My wife tells me, actually she told me, the beauty of a wedding is in the details. My idea, which didn’t fly, was open another bag of chips and this time get a keg, let’s get married. She had different ideas, and thank God she did. Her attention to detail made our wedding one of the most beautiful I have ever attended. I could be somewhat prejudiced but if you want one of our attendee’s opinions, call me and I’ll give you some names, I feel confident they will say the same thing.
On our wedding day my brother, who is a pastor, performed the ceremony. Before it all started he took me aside and said, “Something is going to go wrong today. So when it happens you can say, well there it is, and get along with the rest of the day. Later you will look back on it and laugh, this will happen for years. So, relax, enjoy yourself.”
I really didn’t completely understand what he was saying at the time, I was pretty nervous. As the years have gone by we, my wife and myself, have looked back on my father’s sunglasses and laughed. They were pretty bad. To give him some credit, he was suffering from some eye problems at the time, but there he was with the glasses given to him by the eye doctor at my wedding. You know the type. They wrap around completely, are very dark, and he can wear his regular glasses under them, and are entirely unfashionable. This seems pretty petty now that I write it down, but it is what we look back at as what went wrong that day and are still laughing about it.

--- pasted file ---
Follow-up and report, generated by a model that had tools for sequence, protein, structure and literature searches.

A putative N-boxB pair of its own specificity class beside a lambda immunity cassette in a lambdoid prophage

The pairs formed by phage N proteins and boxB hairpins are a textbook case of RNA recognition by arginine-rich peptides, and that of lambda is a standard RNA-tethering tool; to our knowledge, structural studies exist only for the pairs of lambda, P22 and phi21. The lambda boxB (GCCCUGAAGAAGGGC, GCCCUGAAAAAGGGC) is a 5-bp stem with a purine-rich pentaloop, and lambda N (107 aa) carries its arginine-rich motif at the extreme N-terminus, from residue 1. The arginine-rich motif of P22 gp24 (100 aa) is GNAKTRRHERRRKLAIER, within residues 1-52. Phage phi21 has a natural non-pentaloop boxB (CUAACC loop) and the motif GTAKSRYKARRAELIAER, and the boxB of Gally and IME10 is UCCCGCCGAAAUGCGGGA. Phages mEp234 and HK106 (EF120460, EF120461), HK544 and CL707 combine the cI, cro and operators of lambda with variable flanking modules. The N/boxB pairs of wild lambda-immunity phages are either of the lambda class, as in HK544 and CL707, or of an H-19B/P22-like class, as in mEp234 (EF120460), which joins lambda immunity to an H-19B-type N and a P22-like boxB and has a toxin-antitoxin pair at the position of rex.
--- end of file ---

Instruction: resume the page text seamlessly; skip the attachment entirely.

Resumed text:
We look back and laugh at this, it seems, every time we haul out our wedding album for some friend who has come to visit and didn’t make the wedding. It’s one of the details we see when the pages open once more and we get to relive that day a little bit. I’d say this happens less and less now but for many years it was at least once a year. It happened recently when one of my wife’s college roommates was in town to see her daughter graduate from the University of Southern California. She commented on the fabric patterns my wife had chosen for the tablecloths, the flowers in all the arrangements, and the expression on my face as we were walking back down the aisle after that metaphorical kiss. She commented about the pictures of my sibling’s children playing on the grass and the beach. There is an image of our nephew trying to lick the edge of the cake before we even got to cut it. His tongue looks so long, his eyes are closed, and his face is in what must be a sugary expectation expression. I think he was 5 years old at the time.
What’s really amazing about this is it’s all been recorded through photography. Without photography, I’m sure my memory would begin to fail me and I wouldn’t have that opportunity to look back and laugh, and remember, and fall in love all over again. Ok, that was a little corny, but it is true.